You Should Have Known

You Should Have KnownYou should’ve known what you were getting into when you married an oilfield man.  This seems to be a popular sentiment with oilfield wives.  It is a response to other women’s cries of difficulty and frustration at times over this lifestyle.  In fact, it has become so popular of a comment that both Ashley and I wrote about the same subject.  You can read her take on it here.

We do this thing when viewing others.  We take things and filter them through our own set of experiences and divvy out the advice.  The problem is, sometimes we are wrong.  We are wrong because other people have lived completely different lives than our own.  When the experiences are drastically different, the advice or comments don’t always fit.

When people say things like “you should’ve known” about oilfield life, I would like to ask how exactly?  This oil boom didn’t just happen to people who had worked in the oilfield forever.  This boom brought people out from all walks of life and different career paths.  I do not recall a welcoming class to the oilfield lifestyle and there is no instructional manual.  There is no way to prepare people for this work schedule when they have never done it before.  I have no family members in oil (most of us work in real estate).  We live in the technology capital of Texas, where most people work at Dell (not Halliburton).

Everyone’s significant other does different jobs in the field.  Some people have a spouse on call.  Some people have been on the same schedule years.  Some people have schedules that change regularly.  Some people see their spouse every day, some periodically, and some not at all for months at a time.  We each have a different perspective and experience when it comes to the oilfield lifestyle and our pre-oilfield life.

My husband joined the oilfield after we were married.  There was no way for me to know what the oilfield lifestyle was like before marrying him because he worked in construction.  Like a lot of people, we got into this industry because we needed the money.  I had no idea that when you sign up for a job in the field that you sign up for a lifestyle.  I didn’t know that the service company my husband would start with was woefully understaffed.  I had no way to know that he would have almost no scheduled days off for over a year and half.  I assumed he would be on a schedule.  How would I have known that there were times that Oilman would spend DAYS at a well without relief?  At one point, a coworker (and his relief) fell asleep at the wheel, veered into oncoming traffic, hit an eighteen wheeler, and was almost killed.  The service company never sent a replacement.  How do you prepare for this type of experience?

When someone says something like, “you should’ve known what you were getting into.”  It does a nice job of making the other person feel bad.  As if her feelings and thoughts aren’t valid.  It essentially closes the door on real communication between women.   These are women who suck it up and deal with this life year after year.  Sometimes we stumble.  Sometimes life gets difficult for us.  Maybe our marriage is faltering or someone we love has health issues.  Maybe we are struggling through parenthood.  Maybe an unexpected curve ball just slammed into our face.  Sometimes we need to open up and be authentic about our lives without someone telling us “we knew what we were getting into”.  Even the things that I have researched, planned, and organized have had a way of taking on a completely different direction.  Life has a funny way of turning into something we never expected.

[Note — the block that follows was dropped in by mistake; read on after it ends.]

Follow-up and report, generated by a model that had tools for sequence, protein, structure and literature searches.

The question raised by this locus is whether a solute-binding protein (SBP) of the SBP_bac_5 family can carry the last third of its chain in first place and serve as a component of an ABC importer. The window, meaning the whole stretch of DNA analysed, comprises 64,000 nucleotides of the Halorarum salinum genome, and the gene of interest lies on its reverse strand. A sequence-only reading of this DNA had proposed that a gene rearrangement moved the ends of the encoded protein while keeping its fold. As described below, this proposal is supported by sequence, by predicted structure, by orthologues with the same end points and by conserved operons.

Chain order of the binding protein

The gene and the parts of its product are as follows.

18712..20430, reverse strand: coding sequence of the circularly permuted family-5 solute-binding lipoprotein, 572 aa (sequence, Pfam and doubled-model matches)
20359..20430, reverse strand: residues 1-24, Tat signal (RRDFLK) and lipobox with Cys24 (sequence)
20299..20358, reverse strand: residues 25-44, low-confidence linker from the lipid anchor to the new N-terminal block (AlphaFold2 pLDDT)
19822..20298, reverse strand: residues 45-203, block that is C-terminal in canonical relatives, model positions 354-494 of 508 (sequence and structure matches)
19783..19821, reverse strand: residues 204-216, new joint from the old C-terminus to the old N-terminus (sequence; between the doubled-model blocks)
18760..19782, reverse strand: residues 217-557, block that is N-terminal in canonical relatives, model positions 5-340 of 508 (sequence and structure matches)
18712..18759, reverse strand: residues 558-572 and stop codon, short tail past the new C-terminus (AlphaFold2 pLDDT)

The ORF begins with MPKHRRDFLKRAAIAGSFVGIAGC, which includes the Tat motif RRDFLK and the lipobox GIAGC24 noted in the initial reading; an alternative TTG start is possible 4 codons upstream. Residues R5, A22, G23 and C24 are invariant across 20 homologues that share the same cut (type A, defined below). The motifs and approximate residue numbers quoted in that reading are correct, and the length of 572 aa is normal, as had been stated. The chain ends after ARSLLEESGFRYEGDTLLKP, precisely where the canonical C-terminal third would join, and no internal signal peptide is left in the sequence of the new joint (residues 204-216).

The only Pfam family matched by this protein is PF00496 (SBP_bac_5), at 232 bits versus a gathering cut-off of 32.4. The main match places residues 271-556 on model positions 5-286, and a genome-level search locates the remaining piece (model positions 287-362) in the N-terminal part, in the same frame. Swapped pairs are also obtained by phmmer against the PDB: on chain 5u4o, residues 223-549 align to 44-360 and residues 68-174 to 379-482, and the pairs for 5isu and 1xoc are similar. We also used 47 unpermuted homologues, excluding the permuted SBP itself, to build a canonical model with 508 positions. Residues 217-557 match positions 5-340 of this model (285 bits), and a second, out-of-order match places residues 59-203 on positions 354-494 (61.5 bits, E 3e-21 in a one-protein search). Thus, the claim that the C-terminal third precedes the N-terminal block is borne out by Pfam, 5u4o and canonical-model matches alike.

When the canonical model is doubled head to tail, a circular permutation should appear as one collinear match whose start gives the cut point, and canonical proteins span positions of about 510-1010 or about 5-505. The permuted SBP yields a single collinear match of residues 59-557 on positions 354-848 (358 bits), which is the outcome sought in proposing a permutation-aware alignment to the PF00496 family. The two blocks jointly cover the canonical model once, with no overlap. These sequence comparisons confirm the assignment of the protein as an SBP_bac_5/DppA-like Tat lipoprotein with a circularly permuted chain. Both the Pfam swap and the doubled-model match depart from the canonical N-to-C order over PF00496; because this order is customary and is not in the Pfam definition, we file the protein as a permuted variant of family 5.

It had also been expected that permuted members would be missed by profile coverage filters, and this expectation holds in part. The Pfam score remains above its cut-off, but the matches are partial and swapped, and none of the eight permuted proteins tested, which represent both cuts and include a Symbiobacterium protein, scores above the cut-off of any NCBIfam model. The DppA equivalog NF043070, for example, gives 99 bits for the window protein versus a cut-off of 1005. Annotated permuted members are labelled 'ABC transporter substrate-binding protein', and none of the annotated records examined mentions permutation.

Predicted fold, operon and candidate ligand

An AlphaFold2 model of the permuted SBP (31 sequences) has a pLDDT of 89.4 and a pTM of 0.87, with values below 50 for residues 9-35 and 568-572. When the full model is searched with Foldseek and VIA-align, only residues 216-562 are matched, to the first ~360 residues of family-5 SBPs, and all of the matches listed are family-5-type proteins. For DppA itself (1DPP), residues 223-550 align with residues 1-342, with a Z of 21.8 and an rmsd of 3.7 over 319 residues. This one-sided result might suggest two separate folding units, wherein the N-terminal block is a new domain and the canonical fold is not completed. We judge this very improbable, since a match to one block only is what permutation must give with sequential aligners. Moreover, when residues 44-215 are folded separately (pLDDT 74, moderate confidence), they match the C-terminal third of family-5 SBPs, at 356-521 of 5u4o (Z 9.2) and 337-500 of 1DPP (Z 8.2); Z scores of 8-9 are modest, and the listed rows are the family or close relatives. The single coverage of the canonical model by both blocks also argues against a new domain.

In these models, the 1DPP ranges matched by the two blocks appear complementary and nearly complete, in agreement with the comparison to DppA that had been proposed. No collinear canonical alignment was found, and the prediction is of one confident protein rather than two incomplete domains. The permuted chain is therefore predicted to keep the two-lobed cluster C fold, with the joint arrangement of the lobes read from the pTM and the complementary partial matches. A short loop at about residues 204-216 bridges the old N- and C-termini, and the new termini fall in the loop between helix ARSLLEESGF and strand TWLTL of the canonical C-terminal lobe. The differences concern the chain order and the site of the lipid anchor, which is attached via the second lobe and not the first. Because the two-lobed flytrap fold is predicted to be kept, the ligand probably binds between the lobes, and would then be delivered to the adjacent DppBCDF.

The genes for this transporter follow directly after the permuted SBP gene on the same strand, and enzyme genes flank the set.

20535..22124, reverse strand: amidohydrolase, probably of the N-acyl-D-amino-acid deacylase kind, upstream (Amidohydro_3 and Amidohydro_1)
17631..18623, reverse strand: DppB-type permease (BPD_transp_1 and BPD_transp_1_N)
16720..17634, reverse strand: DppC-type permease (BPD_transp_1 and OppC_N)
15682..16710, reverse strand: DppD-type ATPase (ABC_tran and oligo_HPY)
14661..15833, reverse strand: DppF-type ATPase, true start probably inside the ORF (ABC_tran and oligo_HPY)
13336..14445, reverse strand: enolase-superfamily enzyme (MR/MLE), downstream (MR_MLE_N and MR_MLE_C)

This lifestyle is not for the faint of heart.  It is not for the woman who is afraid to live her life without a man home every day.  Regardless of whether or not we knew what we were getting into, there are some instances where we need to change our perspective from the negative to the positive. There is a time to stop complaining and deal with whatever life brings us.  There is also a time where it is good and beautiful to say to each other that life is hard and that we are hurting.  To become vulnerable with each other is how real relationships are formed.  It is also good to remember that what seems clear and obvious to us isn’t the same way to others.  For each of us our background, age, upbringing, education, jobs, and life experiences bring a different outlook.  When we are judging things based on what we think we know, we may just be wrong.

About LC

Howdy! LC and her Oilman live in the ‘burbs north of Austin, TX. She is a real estate broker, but you won’t find her face on a bus bench and she doesn't drive a Cadillac. Oilman works in Texas as a Completions Consultant. Don’t worry, most people don’t know what that title means either. LC calls him frac guru, for short. She may be the only woman in America that hated both "Twilight" AND "50 Shades of Grey". Oilman and LC like wine, good music, their two dogs, and cervezas in Central America. Follow the adventures of LC and Oilman at: or on Instagram at: living_oilfield_life


  1. Totally agree with you. My husband and I both work oilfield….I work at the main office of one company and he is out in the field with another. I am such a planner that it has been hard to get used to his every changing schedule. I usually don’t know where he is at until he calls from location. With the slow down really affecting the Eagle Ford Shale here in South Texas I have also gotten the “you shouldn’t have been living above your means” talk when we started getting worried about our income. That chaps my ass more than anything because we don’t.

    • Thank you Andrea and I completely understand. My husband is also in the Eagle Ford Shale, so we are right there with you! Best of luck to you and your husband during this time.

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